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3 Ways to Love Yourself on Valentine's Day

By HERWriter
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for Valentine's Day, 3 ways to love yourself Auremar/PhotoSpin

On Valentine’s Day, we buy cards, flowers, and chocolate. We take the time to celebrate with our loved ones and tell them how much they mean to us. However, there is one person that many of us tend to forget about on Valentine’s Day: ourselves. So, this Valentine’s Day, these 3 tips will help you strengthen your relationship with yourself.

1. Don’t victimize yourself

How many times have you heard Valentine’s Day called “Singles Awareness Day?” With the jewelry, chocolate, and flower commercials, Valentine’s Day can make single people feel left out. However, even with all this external influence, we are the ones making ourselves feel that way.

This is equally true for people in relationships. We fantasize about the perfect Valentine’s Day, but rarely experience it. We then blame ourselves, or our kids, or our partner for not living up to the vision that we created in our minds.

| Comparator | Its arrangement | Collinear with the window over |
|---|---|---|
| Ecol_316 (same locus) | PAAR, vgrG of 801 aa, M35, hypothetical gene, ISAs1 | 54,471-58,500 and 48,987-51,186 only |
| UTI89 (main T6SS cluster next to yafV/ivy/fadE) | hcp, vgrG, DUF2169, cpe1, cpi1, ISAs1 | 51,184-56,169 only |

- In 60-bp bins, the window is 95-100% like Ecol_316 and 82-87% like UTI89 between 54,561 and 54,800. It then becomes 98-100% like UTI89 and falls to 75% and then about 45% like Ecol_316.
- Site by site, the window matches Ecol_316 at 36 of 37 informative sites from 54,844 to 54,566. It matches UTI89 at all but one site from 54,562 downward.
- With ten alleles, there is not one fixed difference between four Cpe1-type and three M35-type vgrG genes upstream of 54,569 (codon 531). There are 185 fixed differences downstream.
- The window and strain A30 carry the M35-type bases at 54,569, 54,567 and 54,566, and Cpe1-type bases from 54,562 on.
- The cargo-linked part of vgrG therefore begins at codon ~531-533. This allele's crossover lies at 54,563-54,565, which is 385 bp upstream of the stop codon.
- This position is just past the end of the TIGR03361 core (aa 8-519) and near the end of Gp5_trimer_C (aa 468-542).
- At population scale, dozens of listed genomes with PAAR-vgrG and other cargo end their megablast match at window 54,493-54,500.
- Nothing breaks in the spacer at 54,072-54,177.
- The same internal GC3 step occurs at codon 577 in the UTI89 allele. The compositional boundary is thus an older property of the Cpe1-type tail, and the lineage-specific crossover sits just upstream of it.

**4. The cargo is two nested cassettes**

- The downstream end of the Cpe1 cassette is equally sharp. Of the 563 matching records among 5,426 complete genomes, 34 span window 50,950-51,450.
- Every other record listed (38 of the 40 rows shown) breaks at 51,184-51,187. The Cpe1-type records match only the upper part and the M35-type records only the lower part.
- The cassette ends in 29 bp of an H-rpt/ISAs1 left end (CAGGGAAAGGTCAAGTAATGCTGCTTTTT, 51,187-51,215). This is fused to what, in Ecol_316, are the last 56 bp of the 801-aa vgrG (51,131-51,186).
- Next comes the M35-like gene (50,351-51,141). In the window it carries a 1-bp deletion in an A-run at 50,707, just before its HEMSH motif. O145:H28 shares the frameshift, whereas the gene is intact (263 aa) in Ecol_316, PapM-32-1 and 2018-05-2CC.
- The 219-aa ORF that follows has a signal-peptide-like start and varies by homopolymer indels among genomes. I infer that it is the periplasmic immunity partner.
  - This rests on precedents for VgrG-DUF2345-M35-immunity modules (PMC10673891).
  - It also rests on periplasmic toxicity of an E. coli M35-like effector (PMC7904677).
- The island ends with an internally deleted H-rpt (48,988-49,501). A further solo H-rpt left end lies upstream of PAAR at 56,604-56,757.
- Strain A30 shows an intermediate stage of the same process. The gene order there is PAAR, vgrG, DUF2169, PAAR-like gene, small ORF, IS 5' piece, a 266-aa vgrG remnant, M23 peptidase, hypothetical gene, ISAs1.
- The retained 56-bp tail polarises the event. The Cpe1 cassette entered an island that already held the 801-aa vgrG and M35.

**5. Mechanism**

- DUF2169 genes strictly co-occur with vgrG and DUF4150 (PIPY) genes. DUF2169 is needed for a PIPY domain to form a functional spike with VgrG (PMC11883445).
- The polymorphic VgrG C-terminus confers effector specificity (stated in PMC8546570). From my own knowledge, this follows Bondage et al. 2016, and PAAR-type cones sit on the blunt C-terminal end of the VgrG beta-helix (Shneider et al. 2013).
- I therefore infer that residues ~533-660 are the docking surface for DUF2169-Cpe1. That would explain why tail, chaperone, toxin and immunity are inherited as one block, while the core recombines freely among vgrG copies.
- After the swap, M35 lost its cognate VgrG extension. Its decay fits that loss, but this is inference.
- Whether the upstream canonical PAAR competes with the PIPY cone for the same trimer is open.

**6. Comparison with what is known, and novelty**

Dr. Tracy Thomas, psychologist and lover of life, says the worst thing we do to ourselves is making ourselves the victim. “Women traumatize themselves and make up entire storylines about what they should have. If they don’t have that ‘thing,’ their life becomes about what they lack.” Dr. Thomas said, “Dropping social comparisons as a form of self-torture is the first step to a healthy relationship with yourself.”

This Valentine’s Day, don’t think about what you don’t have, whether it’s a perfect relationship or a significant other. It’s time we stop letting advertising dictate what it is we want out of our lives and making us feel like we’re missing out on something spectacular in the form of a box of chocolates.

2. Take time to be alone

One of the things I am often told when talking about self-love is to do things that make me happy. But, for many, this is easier said than done. Some of us just haven’t learned what it is that makes us feel complete. Trips to the spa and being pampered can be nice, but it doesn’t do much to increase our long-term self-esteem.

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We value and respect our HERWriters' experiences, but everyone is different. Many of our writers are speaking from personal experience, and what's worked for them may not work for you. Their articles are not a substitute for medical advice, although we hope you can gain knowledge from their insight.